Haynesville DUC Count Declines through 2015 and 2016
In the last piece on uncompleted wells explored North Dakota showing the impacts and trends that the uncompleted wells have on the market. Now how does one figure out the number of uncompleted wells without over or under counting? This article will show the approach of the DUC analysis by using the Haynesville play highlighting some of the difficulties and uses of this data. The chart below shows a glimpse of the outcome of this analysis and where the DUC count is today.
Calculating the DUC Count in the Haynesville
Phase One: What is the definition of a DUC?
Lets take a step back and go over what exactly we mean by DUCs? There is a discussion about what constitutes a drilled but uncompleted well. Is it drilled and cased? When is the well considered temporarily abandoned? If it finished drilling last week, should that be included in the DUC count? The way Energent has defined drilled but uncompleted is a well that has either been drilled to TD, has been temporarily shut in or abandoned after drilling, or after the surface casing has been set.
Phase Two: Using Multiple Data Points to Gain a Clearer Picture
How do you normalize the data to make sure you are consistent across state lines as they have different well statuses? This is apparent in the Haynesville DUC analysis, having both Texas and Louisiana wells with different well data and statuses. In Texas, uncompleted wells can have state well status as permitted or shut in by producer. The permitted status is deceiving because it does not always show when a well has been spud and is sitting uncompleted, being in between statuses.The Texas DUCs may or may not have well completion reports filed 30-60 days following drilling. Similarly, in Louisiana wells that are permitted and spud, but the status has not changed to something like temporarily abandoned or not completed.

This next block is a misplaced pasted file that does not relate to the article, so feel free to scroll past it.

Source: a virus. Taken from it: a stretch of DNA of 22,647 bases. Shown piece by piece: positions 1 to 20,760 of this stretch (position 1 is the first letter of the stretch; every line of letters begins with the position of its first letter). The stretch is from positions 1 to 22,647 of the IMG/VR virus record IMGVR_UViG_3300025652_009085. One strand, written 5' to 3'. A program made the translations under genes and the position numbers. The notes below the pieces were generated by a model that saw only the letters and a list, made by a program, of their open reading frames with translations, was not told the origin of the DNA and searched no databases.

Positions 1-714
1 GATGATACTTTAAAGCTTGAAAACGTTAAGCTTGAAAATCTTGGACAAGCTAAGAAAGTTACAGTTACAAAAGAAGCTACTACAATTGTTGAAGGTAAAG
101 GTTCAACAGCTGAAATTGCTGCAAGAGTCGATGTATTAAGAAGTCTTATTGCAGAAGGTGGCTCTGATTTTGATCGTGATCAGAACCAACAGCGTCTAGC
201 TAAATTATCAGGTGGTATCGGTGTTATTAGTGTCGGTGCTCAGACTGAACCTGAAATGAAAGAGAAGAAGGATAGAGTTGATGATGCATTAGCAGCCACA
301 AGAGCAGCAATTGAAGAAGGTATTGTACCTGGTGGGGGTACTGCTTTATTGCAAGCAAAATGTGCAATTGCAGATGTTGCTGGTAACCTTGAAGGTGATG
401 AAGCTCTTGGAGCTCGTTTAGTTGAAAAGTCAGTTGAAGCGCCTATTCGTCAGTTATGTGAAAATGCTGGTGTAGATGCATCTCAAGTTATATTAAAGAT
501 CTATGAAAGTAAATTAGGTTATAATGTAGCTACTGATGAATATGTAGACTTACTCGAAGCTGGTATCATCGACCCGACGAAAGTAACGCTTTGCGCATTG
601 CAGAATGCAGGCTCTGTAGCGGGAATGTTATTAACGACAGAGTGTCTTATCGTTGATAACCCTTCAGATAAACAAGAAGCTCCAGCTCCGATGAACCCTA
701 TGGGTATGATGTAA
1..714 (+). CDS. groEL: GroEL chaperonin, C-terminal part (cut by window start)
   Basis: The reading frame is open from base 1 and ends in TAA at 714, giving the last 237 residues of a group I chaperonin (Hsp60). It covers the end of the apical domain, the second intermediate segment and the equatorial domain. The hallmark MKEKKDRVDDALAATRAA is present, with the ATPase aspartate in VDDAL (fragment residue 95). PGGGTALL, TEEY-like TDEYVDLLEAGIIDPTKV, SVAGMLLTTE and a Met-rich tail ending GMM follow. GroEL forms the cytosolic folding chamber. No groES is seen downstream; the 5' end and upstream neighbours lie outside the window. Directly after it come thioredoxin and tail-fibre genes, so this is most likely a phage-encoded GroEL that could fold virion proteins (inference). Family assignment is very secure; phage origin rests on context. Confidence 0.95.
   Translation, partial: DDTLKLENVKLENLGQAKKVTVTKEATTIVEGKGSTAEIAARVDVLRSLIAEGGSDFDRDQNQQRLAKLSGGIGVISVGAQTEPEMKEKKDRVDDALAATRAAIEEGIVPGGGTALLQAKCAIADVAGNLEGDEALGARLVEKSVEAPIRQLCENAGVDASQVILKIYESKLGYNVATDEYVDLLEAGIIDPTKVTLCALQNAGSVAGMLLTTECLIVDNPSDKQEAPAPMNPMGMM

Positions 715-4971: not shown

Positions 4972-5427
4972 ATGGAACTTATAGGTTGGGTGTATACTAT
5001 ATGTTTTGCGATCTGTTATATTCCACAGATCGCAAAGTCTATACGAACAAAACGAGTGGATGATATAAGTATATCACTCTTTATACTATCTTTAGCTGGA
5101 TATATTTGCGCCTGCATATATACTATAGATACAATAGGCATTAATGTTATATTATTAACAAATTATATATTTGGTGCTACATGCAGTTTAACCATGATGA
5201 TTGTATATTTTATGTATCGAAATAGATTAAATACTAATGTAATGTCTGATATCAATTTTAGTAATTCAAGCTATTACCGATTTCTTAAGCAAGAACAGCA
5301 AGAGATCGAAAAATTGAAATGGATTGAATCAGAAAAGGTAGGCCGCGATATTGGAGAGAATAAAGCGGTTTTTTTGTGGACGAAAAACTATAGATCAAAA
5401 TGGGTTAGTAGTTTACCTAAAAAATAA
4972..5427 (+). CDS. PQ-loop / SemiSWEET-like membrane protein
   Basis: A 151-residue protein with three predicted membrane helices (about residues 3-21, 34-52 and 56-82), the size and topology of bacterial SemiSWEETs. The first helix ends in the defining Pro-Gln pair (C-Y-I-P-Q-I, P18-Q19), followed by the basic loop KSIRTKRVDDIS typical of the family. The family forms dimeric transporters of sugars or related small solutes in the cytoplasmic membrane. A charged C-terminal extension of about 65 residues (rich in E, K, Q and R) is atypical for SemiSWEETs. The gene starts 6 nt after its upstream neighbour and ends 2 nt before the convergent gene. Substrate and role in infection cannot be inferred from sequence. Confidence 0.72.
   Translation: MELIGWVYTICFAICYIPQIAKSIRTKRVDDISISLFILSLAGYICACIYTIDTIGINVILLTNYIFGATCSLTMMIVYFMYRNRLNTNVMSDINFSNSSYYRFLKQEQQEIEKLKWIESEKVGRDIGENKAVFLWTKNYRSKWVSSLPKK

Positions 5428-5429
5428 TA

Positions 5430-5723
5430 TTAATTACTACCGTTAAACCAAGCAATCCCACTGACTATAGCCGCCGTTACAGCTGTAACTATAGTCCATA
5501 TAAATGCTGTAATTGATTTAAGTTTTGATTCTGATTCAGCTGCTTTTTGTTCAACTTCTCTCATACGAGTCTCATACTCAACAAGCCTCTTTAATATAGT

To clarify this picture, multiple other data points may be used to decipher the status of the well to show which are actually still permitted and which have not been changed. By using the state well status, well information, and spud dates the reporting lag can be cut down and the statuses will be more accurate.
Phase Three: How to Interpret the DUC Counts
We will now take a dive into the different ways people have been looking at uncompleted wells and the affect they have on the market and Haynesville operators. DUCs will have impacts on production, budgeting, and operator strategies – what operators are holding these inventories and in what time frame to they plan to complete these wells.
Market Impact: Haynesville Production Trend
Rig counts dropped heavily from the start of 2015 and continue to drop in 2016 with lower commodity prices. Haynesville gas production has remained fairly flat comparing 2014 with 2015 and the number of uncompleted wells went from about 250 at the start of 2014 and is now below 75. So how does the inventory of uncompleted wells affect production declines or increases in certain basins and areas?
Budgeting: Natural Gas Price to Total DUCs
Low commodity prices in 2015 and 2016 have forced operators tighten their budgets some have turned to completing DUCs instead of drilling new wells as it is less costly. This is visible in the chart below when natural gas took a dive at the end of 2014 and monthly changes in DUCs took a steep dive with only one month in 2015 adding to the inventory of uncompleted wells.
Operators: Understanding Different Strategies
Now how can you use this DUC analysis to get a better insight into an operators strategy on how they manage their inventory of DUCs? Looking at the chart below you can see BHP Billiton (NYSE:BHP) and Chesapeake Energy (NYSE: CHK) and the different timelines they have when completing their DUCs. Chesapeake is more consistent in completing their inventory usually before 300 days but BHP is more sporadic. Taking this information you can then be able to calculate the average days an operator keeps wells uncompleted. This also gives a good indication of the operators drilling program and if they are drilling to complete or to just hold acreage.